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Local Hazard Mitigation Plan

Local Hazard Mitigation Plan

In early 2018 the City of Redondo Beach began the process of updating its Local Hazard Mitigation Plan, or LHMP. This plan will help create a safer community for residents, businesses, and visitors. The LHMP allows public safety officials and city staff, elected officials, and members of the public understand the threats from natural and human-caused hazards in our community. The plan will also recommend specific actions to proactively decrease these threats before disasters occur.

Why have an LHMP?

An LHMP will let Redondo Beach plan for future emergencies. Usually, after a disaster occurs, communities take steps to recover from the emergency and rebuild. An LHMP is a way for the City to become better prepared in advance of these disasters, so when they do occur, less damage occurs and recovery is easier. Our community can use LHMP strategies to reduce instances of property damage, injury, and loss of life from disasters. Besides protecting public health and safety, this approach can save money. Studies estimate that every dollar spent on mitigation saves an average of four dollars on response and recovery costs. An LHMP can also help to strengthen the mission of public safety officers, such as police and fire department staff, providing them with clear roles and responsibilities to build a safer community.

Besides helping to protect Redondo Beach, our LHMP will make the City eligible for grants from the Federal Emergency Management Agency (FEMA) that can be used to further improve safety and preparedness in the community. Having an adopted LHMP can also make Redondo Beach eligible to receive more financial assistance from the State when disasters do occur.

What is in our LHMP?

The City of Redondo Beach LHMP includes four main sections:

  • A summary of the natural and human-caused hazards that pose a risk to our community. This will include descriptions of past disaster events and the chances these disasters may occur in the future.
  • An assessment of the threat to Redondo Beach, which will describe how our community is vulnerable to future disasters. The plan will look at the threat to important buildings and infrastructure, such as police and fire stations, roads, and utility lines. It will also look at the threat to community members, particularly disadvantaged persons.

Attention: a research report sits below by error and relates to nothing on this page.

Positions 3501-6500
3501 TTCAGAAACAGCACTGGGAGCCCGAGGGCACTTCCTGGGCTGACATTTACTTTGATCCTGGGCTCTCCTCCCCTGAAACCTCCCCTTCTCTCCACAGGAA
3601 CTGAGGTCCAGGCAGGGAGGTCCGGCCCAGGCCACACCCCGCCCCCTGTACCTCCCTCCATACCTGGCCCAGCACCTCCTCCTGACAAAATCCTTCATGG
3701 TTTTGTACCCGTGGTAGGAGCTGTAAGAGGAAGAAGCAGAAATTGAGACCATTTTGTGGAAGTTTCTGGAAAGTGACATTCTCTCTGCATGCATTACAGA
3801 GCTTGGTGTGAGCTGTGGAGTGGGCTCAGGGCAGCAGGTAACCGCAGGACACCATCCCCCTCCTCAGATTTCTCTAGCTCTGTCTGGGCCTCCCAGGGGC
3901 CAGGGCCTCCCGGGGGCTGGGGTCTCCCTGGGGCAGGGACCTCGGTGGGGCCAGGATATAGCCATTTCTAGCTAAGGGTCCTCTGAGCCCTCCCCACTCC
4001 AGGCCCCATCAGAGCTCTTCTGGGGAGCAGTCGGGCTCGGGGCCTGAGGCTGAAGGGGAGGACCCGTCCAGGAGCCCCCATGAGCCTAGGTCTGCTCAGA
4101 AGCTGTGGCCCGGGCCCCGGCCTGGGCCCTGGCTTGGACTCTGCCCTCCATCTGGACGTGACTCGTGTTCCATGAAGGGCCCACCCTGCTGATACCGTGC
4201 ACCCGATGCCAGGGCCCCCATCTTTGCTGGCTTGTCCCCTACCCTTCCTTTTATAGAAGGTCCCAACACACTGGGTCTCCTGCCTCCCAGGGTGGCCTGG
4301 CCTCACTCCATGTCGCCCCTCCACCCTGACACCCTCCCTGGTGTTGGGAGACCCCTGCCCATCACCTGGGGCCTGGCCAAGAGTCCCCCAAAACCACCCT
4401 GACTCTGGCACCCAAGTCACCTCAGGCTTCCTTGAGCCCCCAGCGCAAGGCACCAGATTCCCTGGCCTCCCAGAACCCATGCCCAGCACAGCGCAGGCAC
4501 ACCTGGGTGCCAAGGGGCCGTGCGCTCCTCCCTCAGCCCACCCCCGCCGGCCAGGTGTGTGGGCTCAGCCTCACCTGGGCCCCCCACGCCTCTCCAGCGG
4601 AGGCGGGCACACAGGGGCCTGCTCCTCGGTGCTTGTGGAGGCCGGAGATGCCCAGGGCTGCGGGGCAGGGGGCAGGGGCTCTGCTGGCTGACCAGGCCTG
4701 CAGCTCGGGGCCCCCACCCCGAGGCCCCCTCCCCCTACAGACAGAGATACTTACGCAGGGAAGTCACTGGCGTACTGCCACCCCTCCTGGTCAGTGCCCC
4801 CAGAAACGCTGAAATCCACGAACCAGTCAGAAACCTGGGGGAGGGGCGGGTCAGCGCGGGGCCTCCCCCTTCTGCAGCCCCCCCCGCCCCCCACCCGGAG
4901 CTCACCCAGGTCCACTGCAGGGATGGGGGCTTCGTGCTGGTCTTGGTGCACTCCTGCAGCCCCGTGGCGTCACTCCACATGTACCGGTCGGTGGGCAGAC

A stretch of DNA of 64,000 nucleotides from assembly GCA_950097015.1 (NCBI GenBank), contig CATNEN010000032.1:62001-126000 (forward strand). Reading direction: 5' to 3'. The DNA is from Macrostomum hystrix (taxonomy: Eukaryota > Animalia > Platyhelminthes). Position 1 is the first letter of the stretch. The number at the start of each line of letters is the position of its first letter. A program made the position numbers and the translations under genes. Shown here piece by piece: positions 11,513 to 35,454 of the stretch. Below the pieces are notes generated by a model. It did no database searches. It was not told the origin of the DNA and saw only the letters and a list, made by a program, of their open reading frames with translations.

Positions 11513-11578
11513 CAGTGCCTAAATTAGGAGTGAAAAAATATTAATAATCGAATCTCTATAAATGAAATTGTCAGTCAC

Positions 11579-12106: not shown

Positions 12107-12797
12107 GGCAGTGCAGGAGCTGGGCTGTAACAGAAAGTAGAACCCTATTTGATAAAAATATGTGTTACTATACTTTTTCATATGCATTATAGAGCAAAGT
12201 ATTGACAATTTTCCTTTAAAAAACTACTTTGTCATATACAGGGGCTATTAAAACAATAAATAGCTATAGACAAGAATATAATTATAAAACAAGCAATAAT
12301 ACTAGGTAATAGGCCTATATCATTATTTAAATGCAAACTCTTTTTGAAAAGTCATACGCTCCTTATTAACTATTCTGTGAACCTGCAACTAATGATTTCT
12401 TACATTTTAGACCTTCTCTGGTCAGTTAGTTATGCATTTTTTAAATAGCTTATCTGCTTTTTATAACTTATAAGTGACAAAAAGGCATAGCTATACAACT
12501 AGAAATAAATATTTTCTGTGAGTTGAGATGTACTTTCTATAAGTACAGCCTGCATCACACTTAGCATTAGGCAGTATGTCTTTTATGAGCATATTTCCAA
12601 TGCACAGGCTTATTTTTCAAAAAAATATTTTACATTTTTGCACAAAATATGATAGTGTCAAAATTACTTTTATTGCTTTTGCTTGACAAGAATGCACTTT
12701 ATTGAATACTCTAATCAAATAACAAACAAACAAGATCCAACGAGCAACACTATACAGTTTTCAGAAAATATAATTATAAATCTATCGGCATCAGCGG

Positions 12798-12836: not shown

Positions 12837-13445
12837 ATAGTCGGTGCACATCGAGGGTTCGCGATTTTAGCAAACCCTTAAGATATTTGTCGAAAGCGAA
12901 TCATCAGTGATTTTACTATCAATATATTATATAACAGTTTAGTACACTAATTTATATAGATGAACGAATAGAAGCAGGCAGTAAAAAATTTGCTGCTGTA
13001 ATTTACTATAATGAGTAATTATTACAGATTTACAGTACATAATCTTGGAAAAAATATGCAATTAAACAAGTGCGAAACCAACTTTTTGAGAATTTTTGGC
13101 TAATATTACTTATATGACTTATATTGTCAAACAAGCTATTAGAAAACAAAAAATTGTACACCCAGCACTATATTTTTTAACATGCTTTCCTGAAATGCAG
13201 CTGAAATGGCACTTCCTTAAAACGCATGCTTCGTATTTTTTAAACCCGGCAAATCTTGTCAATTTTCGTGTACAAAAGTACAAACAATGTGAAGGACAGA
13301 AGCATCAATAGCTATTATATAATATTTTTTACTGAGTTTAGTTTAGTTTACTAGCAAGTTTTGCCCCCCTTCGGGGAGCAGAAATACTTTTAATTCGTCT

• A hazard mitigation strategy, which will lay out specific policy recommendations for Redondo Beach to carry out over the next five years. These recommendations will help reduce the threat that our community faces from hazard events.
  • A section on maintaining the plan, which will help ensure that our LHMP is kept up-to-date. This will make it easier for us to continue to proactively protect ourselves, and will also keep the City eligible for additional funding.

What hazards will our LHMP help protect us against?

The City plans to include the following natural hazards in our LHMP:

  • Flooding and Coastline Disturbances;
  • Earthquakes and Liquefaction;
  • Tsunamis;
  • Extreme Weather Events (Heat, Wind, and Rain);

Our LHMP also looks at how climate change may affect these hazards and may include other hazards that pose a threat to our community.

How was our LHMP prepared?

The City assembled a Hazard Mitigation Planning Committee (HMPC), which included representatives from the public safety departments (fire and police) and other City departments including building, planning, and public works, and a series of meetings were held that guided the overall development of our Draft LHMP. The HMPC is supported by key stakeholders, and technical consultants. Together, these participants formed the project team responsible for preparing our draft plan. Additionally, a community meeting was held on November 17, 2018 and an online survey was released to get input from citizens throughout the City. The City received 162 responses to the survey and much of the input helped to shape the LHMP.  Lastly, the LHMP was discussed by City Council at two meetings before being adopted on July 7, 2020.

To view the LHMP, click the following link: Local Hazard Mitigation Plan (LHMP)